Lower Burrell renames park for slain officer
Lower Burrell residents will come and go through the years, but on Saturday, the city made sure one native son will be remembered.
On a bright autumn afternoon, the K-9 Officer Derek Kotecki Memorial Park was dedicated in honor of the city police officer killed in the line of duty. Kotecki was 40 when he was shot and killed by a fugitive he was trying to apprehend on Oct. 12, 2011.
“This is a very fitting and lasting tribute to Officer Kotecki, because he cared so much about the youth of this community,” Mayor Don Kinosz said.
Kinosz made the remarks to 80 to 100 people who turned out for the dedication of what previously was known as Wolf Pack Park and the Sokol camp before the city acquired it from developer Augie Moret in 2001.
Rich Kotecki, Derek's father, and Alex Kotecki, 11, the younger of his two sons, pulled the cord to unveil a large sign done mostly in shades of blue that superimposes the park's name over a gold image of Kotecki's badge.
As the applause subsided, Rich Kotecki addressed the crowd, thanking them for turning out for the event, and city officials for honoring his only son.
Speaking to the community at large on behalf of his family, he said, “We appreciate what you have done for us in the past.”
Later, Kotecki said he was pleased and gratified by the honor accorded his son.
“It's something that is going to be here forever,” he said. “It's nothing that is going to fade away. His name will be here forever.”
Kotecki's widow, Julie, declined to comment about the dedication, but her son Alex did.
Asked what he thought of the tribute, Alex said, “It's cool. I really like the sign. He deserves it.”
Rich Kotecki, Kinosz and Councilmen David Regoli and Frank Trozzi acknowledged the contribution of Moret. He sold the 27.5-acre park to the city at the price he purchased it, $183,000, to be paid over 20 years with no interest. Rich Kotecki was a city councilman when that deal was struck and worked out the sale with Moret, enabling the property to become the city's premier park for sports, ranging from youth soccer and Little League baseball to boccie and adult softball.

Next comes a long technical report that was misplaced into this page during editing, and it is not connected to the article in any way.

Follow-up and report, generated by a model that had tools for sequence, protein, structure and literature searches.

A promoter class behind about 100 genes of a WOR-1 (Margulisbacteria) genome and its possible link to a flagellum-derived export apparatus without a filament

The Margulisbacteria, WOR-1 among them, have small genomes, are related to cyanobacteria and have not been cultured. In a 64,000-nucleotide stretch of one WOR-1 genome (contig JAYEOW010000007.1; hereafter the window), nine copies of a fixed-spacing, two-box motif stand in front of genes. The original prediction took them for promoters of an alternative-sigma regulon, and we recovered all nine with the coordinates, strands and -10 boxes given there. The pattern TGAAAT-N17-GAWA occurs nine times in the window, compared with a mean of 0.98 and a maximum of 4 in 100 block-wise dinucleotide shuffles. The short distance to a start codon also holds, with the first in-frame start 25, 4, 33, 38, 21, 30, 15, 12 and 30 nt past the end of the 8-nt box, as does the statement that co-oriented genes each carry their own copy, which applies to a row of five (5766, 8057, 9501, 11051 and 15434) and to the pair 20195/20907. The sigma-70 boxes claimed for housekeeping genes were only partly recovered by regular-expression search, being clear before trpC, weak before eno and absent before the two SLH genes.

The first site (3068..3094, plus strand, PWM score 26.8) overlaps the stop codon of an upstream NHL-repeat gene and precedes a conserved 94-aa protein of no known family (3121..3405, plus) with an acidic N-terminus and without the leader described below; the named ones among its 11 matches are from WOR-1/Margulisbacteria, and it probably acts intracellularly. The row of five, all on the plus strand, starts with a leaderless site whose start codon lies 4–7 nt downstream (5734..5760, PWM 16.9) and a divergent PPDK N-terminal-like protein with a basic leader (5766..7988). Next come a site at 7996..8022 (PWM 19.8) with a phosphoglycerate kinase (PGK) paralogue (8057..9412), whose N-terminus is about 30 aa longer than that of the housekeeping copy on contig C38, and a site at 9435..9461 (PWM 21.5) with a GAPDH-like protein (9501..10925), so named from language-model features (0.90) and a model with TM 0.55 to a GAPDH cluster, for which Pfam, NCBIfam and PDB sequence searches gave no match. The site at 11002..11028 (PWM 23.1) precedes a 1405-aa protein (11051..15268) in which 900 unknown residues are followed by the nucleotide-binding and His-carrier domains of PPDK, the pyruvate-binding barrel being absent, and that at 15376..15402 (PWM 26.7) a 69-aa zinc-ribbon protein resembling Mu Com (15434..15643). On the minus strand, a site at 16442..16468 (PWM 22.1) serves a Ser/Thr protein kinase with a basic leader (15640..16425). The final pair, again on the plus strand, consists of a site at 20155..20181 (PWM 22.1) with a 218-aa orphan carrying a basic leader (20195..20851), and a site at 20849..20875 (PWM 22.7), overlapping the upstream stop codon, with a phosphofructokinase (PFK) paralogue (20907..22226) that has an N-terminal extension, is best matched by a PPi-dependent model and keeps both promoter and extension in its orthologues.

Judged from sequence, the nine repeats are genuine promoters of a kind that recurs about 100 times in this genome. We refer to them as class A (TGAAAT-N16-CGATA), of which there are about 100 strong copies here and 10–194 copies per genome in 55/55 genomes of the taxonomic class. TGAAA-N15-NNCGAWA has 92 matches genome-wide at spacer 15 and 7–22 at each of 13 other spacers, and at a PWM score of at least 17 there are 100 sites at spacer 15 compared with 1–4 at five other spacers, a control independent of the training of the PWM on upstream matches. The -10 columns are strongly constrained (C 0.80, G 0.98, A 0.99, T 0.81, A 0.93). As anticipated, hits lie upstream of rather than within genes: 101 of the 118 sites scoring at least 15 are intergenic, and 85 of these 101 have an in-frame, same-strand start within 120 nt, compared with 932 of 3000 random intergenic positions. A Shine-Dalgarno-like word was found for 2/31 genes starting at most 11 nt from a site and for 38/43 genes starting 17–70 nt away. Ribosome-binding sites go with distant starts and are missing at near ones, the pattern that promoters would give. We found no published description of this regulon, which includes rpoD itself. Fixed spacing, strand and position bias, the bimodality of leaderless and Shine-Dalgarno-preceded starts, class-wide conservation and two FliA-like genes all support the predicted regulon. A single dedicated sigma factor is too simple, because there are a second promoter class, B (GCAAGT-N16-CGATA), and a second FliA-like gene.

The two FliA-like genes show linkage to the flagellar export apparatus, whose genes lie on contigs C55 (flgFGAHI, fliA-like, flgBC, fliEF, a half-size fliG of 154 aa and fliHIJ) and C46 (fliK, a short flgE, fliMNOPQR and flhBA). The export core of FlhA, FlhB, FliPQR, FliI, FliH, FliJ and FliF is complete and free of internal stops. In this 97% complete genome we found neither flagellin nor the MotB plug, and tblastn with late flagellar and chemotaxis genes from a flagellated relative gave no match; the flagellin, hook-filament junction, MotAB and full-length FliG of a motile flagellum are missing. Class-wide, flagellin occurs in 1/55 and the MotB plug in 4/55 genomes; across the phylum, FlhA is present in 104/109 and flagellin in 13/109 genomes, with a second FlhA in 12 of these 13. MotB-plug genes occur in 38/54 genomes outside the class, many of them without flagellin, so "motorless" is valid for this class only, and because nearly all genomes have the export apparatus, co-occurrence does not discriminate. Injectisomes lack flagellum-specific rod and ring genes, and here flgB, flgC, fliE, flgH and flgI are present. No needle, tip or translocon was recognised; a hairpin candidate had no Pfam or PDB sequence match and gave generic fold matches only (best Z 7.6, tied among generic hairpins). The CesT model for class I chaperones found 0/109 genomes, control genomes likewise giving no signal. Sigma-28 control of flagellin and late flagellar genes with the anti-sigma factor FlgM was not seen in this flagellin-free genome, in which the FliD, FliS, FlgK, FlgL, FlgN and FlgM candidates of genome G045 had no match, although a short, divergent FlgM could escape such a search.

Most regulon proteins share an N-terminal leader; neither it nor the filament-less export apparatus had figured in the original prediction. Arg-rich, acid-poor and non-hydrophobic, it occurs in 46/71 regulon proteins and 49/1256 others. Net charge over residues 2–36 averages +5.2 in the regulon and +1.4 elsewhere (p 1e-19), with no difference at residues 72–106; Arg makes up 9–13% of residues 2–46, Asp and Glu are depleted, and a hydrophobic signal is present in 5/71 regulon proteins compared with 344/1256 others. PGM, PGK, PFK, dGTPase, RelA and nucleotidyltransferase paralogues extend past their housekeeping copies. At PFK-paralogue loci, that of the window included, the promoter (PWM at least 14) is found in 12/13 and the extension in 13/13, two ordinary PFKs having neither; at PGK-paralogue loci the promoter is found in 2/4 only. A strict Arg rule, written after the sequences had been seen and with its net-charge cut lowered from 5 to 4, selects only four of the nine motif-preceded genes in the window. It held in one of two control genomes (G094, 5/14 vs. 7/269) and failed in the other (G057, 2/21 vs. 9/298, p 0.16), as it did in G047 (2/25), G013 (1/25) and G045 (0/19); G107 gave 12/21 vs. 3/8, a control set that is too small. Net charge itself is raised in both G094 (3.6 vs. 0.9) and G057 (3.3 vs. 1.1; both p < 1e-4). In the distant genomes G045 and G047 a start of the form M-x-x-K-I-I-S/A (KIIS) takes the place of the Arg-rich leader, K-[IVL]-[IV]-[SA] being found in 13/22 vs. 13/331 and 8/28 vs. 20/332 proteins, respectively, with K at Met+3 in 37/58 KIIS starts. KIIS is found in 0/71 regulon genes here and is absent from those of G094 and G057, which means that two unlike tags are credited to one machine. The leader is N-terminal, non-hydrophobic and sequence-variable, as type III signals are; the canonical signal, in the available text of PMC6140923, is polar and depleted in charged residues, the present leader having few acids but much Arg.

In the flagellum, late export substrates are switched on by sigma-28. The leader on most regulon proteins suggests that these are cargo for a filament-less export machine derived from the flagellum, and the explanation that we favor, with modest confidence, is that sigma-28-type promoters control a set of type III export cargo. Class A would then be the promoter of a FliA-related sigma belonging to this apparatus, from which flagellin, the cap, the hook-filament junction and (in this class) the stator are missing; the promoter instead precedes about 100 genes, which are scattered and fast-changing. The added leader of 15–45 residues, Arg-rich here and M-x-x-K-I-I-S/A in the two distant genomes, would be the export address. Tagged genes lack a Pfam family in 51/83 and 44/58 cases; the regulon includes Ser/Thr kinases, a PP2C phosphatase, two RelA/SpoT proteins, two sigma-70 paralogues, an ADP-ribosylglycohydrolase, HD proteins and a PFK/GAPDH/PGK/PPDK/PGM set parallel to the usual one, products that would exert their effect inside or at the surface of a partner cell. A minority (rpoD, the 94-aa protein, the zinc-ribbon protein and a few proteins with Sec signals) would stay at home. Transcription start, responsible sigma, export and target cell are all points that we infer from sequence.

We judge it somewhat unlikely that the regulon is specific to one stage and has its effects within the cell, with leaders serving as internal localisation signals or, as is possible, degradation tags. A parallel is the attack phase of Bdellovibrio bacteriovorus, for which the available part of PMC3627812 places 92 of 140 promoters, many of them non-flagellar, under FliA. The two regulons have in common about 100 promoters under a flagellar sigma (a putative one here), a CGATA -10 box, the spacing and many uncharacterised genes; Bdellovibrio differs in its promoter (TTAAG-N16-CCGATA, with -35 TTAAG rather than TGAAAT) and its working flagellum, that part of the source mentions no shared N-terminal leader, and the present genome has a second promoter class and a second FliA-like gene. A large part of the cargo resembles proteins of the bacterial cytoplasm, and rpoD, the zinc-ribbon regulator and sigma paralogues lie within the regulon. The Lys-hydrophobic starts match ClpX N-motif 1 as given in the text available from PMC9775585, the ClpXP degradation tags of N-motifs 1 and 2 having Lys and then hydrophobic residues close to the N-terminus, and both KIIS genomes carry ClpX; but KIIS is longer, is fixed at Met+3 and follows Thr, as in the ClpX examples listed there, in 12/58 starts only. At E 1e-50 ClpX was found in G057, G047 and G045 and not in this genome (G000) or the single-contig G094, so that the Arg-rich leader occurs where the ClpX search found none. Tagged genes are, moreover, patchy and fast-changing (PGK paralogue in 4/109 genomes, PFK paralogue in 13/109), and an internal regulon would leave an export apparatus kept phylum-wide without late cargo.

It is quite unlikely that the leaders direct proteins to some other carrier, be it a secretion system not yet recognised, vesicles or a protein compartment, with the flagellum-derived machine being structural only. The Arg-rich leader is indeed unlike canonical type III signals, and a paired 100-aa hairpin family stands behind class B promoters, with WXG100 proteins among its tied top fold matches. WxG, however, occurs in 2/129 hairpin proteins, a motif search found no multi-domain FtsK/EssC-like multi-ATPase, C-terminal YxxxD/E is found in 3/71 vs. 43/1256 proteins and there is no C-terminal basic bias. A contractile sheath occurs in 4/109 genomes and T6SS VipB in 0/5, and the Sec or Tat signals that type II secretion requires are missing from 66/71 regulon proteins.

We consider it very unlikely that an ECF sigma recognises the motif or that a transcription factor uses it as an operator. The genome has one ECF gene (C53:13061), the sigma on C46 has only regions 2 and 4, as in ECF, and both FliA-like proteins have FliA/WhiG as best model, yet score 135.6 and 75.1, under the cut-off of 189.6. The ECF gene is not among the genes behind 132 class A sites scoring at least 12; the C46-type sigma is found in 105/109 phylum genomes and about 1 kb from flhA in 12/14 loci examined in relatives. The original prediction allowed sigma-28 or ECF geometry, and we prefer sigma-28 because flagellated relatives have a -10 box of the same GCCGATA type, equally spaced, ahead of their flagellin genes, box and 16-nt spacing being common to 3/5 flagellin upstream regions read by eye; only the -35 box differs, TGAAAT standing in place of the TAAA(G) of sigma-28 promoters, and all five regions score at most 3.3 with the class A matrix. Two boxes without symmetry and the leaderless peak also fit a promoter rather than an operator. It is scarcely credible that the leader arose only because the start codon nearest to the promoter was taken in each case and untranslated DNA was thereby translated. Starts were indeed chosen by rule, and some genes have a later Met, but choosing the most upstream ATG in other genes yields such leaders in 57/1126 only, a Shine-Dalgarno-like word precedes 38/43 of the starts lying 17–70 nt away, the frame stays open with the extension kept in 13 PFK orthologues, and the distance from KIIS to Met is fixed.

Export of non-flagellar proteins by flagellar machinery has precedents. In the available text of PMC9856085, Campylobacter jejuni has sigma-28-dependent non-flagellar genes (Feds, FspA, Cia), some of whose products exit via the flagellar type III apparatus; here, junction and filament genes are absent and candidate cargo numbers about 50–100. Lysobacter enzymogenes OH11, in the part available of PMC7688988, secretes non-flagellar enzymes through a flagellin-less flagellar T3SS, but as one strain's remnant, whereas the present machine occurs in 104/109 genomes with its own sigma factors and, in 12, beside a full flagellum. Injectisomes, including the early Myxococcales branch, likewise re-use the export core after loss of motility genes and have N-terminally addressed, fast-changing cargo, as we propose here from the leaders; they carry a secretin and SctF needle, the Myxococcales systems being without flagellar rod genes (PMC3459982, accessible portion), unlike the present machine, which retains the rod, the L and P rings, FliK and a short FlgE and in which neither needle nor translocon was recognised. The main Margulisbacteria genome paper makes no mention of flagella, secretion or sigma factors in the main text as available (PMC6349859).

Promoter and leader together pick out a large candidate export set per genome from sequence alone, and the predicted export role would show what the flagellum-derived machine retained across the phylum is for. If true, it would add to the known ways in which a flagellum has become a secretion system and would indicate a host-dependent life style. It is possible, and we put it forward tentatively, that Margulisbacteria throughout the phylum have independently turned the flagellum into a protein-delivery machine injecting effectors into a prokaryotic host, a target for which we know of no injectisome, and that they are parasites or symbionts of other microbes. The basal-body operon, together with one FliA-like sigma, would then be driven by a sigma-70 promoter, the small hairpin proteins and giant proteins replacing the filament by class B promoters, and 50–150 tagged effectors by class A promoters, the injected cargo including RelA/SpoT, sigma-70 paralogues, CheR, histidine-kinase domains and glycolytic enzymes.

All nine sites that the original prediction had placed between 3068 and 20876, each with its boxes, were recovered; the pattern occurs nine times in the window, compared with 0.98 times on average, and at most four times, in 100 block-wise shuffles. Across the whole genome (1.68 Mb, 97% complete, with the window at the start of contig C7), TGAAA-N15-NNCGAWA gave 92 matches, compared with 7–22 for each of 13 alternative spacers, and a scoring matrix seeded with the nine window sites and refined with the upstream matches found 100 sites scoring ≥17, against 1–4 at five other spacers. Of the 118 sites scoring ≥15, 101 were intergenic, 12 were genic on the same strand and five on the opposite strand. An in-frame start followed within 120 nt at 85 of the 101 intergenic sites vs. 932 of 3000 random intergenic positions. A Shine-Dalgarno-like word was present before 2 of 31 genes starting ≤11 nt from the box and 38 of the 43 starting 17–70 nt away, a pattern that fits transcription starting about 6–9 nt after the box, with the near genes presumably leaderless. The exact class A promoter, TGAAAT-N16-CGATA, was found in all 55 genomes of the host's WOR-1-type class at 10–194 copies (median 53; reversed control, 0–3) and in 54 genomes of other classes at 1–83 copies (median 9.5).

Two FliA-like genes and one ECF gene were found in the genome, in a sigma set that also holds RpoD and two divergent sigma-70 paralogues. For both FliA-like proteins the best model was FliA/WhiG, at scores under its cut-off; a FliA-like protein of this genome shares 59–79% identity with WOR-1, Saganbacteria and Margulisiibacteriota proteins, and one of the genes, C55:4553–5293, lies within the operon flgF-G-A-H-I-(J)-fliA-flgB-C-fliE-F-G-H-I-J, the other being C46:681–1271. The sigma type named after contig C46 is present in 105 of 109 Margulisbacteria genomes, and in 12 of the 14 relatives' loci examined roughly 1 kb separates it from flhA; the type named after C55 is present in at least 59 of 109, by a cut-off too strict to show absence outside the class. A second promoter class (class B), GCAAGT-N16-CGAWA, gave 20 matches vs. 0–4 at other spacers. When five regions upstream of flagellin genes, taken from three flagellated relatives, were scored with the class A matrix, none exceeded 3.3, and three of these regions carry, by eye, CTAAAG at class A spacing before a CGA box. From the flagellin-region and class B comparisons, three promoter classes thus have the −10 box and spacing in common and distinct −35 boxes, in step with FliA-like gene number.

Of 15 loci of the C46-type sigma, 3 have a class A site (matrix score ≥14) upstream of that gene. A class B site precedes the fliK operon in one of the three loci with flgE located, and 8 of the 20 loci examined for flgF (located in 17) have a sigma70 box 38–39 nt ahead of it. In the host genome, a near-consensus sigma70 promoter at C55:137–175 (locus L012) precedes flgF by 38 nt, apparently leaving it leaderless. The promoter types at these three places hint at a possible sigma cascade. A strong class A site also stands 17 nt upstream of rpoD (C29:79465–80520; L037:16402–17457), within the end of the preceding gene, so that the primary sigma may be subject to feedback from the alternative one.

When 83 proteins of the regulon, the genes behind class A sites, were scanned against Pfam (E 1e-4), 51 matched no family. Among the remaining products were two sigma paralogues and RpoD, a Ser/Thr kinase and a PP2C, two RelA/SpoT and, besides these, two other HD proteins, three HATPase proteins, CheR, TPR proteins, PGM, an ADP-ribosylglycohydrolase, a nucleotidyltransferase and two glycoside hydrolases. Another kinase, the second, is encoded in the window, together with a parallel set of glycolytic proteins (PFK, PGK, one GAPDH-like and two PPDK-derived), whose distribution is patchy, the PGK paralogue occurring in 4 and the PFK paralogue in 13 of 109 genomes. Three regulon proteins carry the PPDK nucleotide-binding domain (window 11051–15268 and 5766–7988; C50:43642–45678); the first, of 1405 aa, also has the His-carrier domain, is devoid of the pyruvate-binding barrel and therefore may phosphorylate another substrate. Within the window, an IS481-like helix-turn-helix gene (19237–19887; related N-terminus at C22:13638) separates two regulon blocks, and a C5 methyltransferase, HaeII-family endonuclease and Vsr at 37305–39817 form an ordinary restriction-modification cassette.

“It has something for everyone,” Kotecki said.
Kinosz and Rich Kotecki said that in the spring, the park entrance will be enhanced with a more permanent memorial. Kotecki described it as a metal archway that will bear his son's name.
Among the audience were two people who could relate to the Kotecki family more than anyone, Paul and Sue Sciullo. Their son, Paul II, was one of three Pittsburgh police officers killed on April 4, 2009, when they were ambushed by a gunman in the city's Stanton Heights neighborhood.
“It was an honor for us to come,” said Paul Sciullo, who like many in the crowd wore a black T-shirt memorializing Kotecki.
His wife, who wore a black T-shirt in remembrance of her son, said, “They (Koteckis) are a wonderful family. We wouldn't have missed this for the world.”
Both thought dedicating the park to Kotecki was a great and fitting tribute to him.
“They (police) are on the front line against evil; we should honor them,” Sue Sciullo said.
Lower Burrell's current chief of police, Tim Weitzel, and its past chief, Tracy Lindo, who commanded the department when Kotecki died, were present along with a number of officers from the city and the surrounding communities.
“This means everything,” Lindo said. “He was such a great man and such a great police officer.”
Lower Burrell Sgt. Scott Miller described it as a positive action, albeit one that evokes mixed emotions. “It's difficult because you know why it's being done,” he said.
Weitzel also viewed it as a positive, connecting Kotecki's name and memory with “a place where people and their families can come and enjoy themselves.”
Noting that police everywhere deal with a lot of life's bad moments and often feel their efforts are unappreciated, he said, “After Derek was killed, a lot of the people in the community came out to support us, and it's good to see they continue to do that.”
Regoli said that after the city acquired the park, the mayor and council couldn't decide on a name for it. He said when Kotecki died, dedicating it to him seemed to be the natural and right thing to do.
“In 30 years, nobody will remember Don Kinosz or Dave Regoli,” Regoli said. “But 100 years from now, they'll be able to tell you who Derek Kotecki was, and that's the way it should be.”
Tom Yerace is a staff writer for Trib Total Media. He can be reached at 724-226-4675 or email@example.com.
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